Legislators in West Virginia passed a bill that bans dismemberment abortions to protect the unborn child in the state.
The House of Delegates voted 86-13 to pass SB 10 or the Unborn Child Protection from Dismemberment Abortion Act on Feb. 29.
Dismemberment abortion, according to the bill, "means, with the purpose of causing the death of an unborn child, purposely to dismember a living unborn child and extract him or her one piece at a time from the uterus through use of clamps, grasping forceps, tongs, scissors or similar instruments that, through the convergence of two rigid levers, slice, crush or grasp a portion of the unborn child's body to cut or rip it off."
It bans dilation and evacuation where a baby is removed from the womb one limb at a time, LifeSite News reported. The procedure accounts for about 95 percent of all abortions performed in the second trimester.
The West Virginia Senate passed the bill on Feb. 17 with a vote of 24-9.
The bill will be sent to Democratic Gov. Earl Ray Tomblin who has not publicly announced his position on the bill and will most likely veto the measure.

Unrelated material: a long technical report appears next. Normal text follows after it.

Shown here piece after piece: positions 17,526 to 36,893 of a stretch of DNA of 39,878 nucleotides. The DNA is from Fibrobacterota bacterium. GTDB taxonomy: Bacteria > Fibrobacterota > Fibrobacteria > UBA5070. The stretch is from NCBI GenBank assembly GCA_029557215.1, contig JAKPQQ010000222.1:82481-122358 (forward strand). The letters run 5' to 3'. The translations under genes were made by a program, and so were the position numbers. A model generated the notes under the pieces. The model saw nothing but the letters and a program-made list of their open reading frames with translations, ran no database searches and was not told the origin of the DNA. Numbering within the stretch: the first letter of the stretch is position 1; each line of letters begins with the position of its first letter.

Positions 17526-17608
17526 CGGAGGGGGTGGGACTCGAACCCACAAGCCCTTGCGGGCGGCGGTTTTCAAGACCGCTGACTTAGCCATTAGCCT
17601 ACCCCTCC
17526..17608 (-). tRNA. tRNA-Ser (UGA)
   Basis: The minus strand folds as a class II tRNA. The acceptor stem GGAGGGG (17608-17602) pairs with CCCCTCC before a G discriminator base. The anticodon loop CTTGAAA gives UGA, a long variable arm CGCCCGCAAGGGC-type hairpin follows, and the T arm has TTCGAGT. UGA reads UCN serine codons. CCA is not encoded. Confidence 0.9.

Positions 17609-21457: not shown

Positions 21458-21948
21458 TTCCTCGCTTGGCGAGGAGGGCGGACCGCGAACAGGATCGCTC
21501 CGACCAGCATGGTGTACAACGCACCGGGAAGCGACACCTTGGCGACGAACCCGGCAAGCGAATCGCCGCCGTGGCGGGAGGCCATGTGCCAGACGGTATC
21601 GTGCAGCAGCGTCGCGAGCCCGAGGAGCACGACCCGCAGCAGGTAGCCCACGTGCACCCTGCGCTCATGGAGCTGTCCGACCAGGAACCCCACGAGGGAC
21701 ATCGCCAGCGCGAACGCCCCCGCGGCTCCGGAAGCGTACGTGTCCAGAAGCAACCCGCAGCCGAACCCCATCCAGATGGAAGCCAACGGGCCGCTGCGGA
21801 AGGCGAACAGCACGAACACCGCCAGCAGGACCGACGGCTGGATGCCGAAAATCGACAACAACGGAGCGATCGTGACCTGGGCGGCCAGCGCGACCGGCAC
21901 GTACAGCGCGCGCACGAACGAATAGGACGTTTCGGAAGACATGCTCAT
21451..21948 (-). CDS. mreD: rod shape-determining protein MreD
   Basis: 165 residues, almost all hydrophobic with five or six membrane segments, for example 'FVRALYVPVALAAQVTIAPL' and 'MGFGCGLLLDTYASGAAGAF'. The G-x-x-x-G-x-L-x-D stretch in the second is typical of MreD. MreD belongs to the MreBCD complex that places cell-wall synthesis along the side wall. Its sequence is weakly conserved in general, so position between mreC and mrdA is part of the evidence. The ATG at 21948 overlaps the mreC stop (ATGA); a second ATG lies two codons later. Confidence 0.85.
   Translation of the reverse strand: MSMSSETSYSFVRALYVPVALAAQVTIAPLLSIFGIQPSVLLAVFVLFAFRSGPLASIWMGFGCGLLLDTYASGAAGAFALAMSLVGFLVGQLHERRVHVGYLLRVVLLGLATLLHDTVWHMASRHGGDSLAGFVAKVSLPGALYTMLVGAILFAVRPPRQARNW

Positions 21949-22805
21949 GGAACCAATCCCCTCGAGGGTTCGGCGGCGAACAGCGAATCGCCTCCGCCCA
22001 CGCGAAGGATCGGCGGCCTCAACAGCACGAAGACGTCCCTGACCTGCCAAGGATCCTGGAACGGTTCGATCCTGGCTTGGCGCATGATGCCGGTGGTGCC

If it becomes law, the measure will ban any person from performing the procedure "unless in reasonable medical judgment the woman has a condition that, on the basis of reasonable medical judgment, so complicates her medical condition as to necessitate the abortion of her pregnancy to avert her death or to avert serious risk of substantial and irreversible physical impairment of a major bodily function, not including psychological or emotional conditions."
It mandates that any physician or other licensed medical practitioner who violates the law will be subjected "to discipline from the applicable licensure board for that conduct, including, but not limited to, loss of professional license to practice."
State lawmakers passed last March the Pain-Capable Unborn Child Protection Act that restricts abortion to the first 20 weeks of pregnancy by overriding Tomblin's veto.
U.S. Supreme Court Justice Anthony Kennedy wrote in a 2007 ruling that "No one would dispute that, for many, D&E is a procedure itself laden with the power to devalue human life."